J Clin Periodontol. 2009 Aug;36(8):650-60. Epub 2009 Jun 10.

Immediate efficacy of diode laser application in the treatment of dentine hypersensitivity in periodontal maintenance patients: a randomized clinical trial.

Sicilia A, Cuesta-Frechoso S, Suárez A, Angulo J, Pordomingo A, De Juan P.

Clinica Sicilia, Oviedo, Spain.

BACKGROUND: To evaluate the immediate efficacy in the reduction of dentine hypersensitivity (DH) when applying an 810 nm diode laser (DL), and a 10% potassium nitrate bioadhesive gel (NK10%). MATERIAL AND METHODS: Forty-five consecutive periodontal maintenance patients of both sexes, with a DH >or= 2 on the verbal rating scale (VRS) in one or more teeth, were randomly allocated into three equal groups: 15 patients received DL and placebo gel; 15 patients were tested with a placebo laser and NK10%; and the remaining 15 received a placebo laser and placebo gel. The DH was evaluated at the start of the study, 15 and 30 min. after the laser application, and on days 2, 4, 7, 14, 30 and 60 by a blind examiner. RESULTS: After 15 min., observations showed a reduction in DH after an evaporative stimulus (ES) of 36.9% (0.86), three times greater than that of the control group (0.23) (p=0.008). After 14 days, this effect was even greater [DL 71.7% (1.67)/NK10% 36.3% (1.73)/control 28.1% (0.73); p=0.004], and lasted until day 60 [65.7% (1.53)/30.4% (0.73)/25.8% (0.67); p=0.01]. CONCLUSIONS: The DL and NK10% gel were proven effective in the treatment of DH. A significantly greater immediate response was observed with DL.

Int Dent J. 2009 Feb;59(1):35-46.

Laser applications in endodontics: an update review.

Mohammadi Z.

Department of Endodontics, Hamedan University of Medical Sciences, Hamedan, Iran.

The search for new devices and technologies for endodontic procedures always has been challenging. Since the development of the ruby laser by Maiman in 1960 and the application of the laser for endodontics by Weichman in 1971, a variety of potential applications for lasers in endodontics have been proposed. With the development of thinner, more flexible and durable laser fibres, laser applications in endodontics have increased. Since laser devices are still relatively costly, access to them is limited. The purpose of this paper is to summarise laser applications in endodontics, including their use in pulp diagnosis, dentinal hypersensitivity, pulp capping and pulpotomy, sterilisation of root canals, root canal shaping and obturation and apicectomy. The effects of lasers on root canal walls and periodontal tissues are also reviewed.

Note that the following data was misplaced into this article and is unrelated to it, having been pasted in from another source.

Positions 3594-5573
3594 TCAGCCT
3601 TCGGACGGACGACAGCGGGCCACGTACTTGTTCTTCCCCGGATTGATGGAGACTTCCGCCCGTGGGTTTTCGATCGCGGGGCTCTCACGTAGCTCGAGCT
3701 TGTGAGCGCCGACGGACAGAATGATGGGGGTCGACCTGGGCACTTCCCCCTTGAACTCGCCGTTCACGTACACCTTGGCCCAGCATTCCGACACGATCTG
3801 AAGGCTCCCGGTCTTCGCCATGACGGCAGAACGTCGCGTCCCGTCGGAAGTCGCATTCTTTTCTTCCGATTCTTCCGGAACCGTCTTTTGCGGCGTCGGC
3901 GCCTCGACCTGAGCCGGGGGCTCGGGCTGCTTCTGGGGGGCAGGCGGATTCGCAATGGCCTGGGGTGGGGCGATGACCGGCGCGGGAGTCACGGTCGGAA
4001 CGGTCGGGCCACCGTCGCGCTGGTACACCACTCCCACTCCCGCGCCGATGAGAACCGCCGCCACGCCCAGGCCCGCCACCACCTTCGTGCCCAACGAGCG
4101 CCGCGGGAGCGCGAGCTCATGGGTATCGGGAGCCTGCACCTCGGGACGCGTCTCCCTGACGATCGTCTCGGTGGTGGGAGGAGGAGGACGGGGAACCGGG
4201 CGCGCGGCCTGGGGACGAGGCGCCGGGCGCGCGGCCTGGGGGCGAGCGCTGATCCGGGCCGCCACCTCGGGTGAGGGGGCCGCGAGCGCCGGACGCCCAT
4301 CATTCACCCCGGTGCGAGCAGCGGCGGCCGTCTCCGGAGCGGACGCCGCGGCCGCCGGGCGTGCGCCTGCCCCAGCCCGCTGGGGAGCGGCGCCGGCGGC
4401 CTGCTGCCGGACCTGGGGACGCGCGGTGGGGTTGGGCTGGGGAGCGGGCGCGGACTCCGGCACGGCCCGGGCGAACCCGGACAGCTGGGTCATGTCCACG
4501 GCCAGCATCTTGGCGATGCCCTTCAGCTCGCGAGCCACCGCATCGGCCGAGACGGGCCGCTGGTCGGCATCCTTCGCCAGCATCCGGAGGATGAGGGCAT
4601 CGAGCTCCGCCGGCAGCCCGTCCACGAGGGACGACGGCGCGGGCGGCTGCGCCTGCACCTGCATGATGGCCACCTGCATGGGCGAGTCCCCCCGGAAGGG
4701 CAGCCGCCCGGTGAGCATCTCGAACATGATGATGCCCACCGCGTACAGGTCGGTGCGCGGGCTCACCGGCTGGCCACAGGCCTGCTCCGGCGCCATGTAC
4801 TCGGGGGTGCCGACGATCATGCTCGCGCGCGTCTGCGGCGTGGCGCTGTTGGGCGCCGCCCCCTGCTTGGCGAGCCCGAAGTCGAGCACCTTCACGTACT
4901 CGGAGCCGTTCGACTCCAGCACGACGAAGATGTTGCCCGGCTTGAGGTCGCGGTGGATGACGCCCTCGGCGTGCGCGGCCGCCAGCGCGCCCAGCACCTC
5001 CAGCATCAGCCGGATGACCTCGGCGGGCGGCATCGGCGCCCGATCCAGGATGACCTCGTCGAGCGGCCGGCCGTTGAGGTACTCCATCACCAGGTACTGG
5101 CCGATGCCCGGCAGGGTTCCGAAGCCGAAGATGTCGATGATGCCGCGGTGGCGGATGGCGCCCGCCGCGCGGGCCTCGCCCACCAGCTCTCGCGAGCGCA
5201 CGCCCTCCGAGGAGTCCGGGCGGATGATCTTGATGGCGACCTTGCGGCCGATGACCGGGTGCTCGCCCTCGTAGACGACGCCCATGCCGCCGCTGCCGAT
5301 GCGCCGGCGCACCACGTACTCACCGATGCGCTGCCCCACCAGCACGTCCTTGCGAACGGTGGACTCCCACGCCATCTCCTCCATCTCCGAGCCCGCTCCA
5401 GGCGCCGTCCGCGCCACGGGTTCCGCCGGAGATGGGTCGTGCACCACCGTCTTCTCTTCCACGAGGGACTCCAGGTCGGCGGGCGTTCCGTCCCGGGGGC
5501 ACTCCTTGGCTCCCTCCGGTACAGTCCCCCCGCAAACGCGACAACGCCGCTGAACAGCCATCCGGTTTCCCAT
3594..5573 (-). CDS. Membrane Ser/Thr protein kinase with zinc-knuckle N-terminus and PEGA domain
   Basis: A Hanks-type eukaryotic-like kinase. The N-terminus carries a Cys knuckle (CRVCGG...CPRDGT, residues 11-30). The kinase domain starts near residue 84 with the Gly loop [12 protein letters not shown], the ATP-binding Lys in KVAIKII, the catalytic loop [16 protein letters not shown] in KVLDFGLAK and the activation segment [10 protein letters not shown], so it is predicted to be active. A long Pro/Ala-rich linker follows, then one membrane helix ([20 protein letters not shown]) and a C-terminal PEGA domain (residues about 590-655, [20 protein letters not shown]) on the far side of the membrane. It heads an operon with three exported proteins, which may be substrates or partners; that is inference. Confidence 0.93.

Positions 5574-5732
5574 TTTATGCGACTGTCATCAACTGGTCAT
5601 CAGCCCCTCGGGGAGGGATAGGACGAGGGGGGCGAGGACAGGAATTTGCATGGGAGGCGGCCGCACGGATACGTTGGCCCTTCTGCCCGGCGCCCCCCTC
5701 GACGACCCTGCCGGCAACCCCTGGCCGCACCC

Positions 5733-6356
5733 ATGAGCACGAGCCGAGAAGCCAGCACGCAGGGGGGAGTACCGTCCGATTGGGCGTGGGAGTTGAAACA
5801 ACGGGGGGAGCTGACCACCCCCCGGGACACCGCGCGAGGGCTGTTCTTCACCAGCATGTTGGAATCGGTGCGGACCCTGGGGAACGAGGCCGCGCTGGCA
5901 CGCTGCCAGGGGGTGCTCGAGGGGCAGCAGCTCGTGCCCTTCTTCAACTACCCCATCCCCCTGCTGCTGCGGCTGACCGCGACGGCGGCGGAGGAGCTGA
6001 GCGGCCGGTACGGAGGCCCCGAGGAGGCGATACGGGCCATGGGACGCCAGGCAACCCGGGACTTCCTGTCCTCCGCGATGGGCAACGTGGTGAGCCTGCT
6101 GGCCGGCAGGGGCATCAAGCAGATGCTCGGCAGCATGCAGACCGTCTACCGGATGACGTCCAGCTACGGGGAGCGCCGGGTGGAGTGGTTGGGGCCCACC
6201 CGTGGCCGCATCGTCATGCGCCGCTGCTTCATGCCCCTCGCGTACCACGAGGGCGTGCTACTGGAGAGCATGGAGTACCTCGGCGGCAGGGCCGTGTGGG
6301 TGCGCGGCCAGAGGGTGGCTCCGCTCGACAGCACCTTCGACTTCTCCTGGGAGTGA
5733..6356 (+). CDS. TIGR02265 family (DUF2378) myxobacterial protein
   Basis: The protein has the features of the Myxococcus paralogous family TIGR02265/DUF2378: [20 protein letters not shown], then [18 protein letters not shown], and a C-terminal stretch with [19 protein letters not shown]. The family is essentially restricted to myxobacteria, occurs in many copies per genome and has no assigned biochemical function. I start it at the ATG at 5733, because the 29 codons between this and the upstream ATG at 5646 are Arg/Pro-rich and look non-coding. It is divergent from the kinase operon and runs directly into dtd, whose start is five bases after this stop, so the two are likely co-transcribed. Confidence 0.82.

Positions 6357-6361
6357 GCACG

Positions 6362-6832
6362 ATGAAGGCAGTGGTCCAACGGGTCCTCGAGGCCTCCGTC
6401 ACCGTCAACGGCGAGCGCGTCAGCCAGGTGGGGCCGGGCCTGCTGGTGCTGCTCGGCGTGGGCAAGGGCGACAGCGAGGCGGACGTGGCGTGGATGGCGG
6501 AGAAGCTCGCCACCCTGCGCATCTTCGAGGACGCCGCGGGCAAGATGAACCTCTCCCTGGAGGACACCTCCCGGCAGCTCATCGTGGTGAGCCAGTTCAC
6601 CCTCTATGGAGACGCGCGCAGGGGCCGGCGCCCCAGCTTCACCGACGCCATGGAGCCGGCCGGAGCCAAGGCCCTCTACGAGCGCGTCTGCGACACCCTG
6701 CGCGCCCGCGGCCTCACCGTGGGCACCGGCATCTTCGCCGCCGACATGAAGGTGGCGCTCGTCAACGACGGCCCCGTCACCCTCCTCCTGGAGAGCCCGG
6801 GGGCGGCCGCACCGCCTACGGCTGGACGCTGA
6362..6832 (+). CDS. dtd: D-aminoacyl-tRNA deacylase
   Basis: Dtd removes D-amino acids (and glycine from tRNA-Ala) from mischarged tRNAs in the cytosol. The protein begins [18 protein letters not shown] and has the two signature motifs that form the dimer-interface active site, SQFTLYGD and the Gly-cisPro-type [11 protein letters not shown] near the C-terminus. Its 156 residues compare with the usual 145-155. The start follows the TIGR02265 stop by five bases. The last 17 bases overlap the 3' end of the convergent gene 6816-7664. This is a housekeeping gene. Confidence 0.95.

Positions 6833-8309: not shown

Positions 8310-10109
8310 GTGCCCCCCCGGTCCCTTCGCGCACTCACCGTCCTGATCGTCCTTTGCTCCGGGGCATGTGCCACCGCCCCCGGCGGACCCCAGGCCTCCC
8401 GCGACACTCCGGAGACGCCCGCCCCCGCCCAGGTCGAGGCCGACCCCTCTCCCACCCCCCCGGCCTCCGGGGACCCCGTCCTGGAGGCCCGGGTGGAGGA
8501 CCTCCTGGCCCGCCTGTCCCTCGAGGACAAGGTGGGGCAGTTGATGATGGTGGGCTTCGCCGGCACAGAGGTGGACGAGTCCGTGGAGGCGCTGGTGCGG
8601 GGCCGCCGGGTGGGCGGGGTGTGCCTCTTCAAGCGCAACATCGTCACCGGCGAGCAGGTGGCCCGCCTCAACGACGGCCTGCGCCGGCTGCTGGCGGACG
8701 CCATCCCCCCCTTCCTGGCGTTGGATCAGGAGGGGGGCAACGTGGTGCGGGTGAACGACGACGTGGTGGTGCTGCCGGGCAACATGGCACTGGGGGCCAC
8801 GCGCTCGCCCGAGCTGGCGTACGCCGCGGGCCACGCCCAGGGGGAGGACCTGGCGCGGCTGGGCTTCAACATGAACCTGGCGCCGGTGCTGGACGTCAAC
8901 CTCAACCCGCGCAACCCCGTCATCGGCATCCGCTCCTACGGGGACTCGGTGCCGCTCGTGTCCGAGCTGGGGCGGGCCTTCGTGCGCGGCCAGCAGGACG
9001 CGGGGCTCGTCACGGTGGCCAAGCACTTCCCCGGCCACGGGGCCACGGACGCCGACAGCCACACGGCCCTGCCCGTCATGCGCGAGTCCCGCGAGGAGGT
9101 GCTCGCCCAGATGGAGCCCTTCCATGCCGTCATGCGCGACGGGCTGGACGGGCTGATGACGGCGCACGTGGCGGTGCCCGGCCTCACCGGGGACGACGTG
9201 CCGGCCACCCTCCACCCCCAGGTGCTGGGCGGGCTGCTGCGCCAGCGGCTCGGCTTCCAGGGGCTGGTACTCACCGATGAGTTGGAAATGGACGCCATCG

Arch Oral Biol. 2006 Jul;51(7):535-40. Epub 2006 Feb 3.

A comparison between the occluding effects of the Nd:YAG laser and the desensitising agent sensodyne on permeation through exposed dentinal tubules of endodontically treated teeth: an in vitro study.

Al-Azzawi LM, Dayem RN.

Department of Oral Pathology, College of Dentistry, University of Baghdad, Baghdad, Iraq.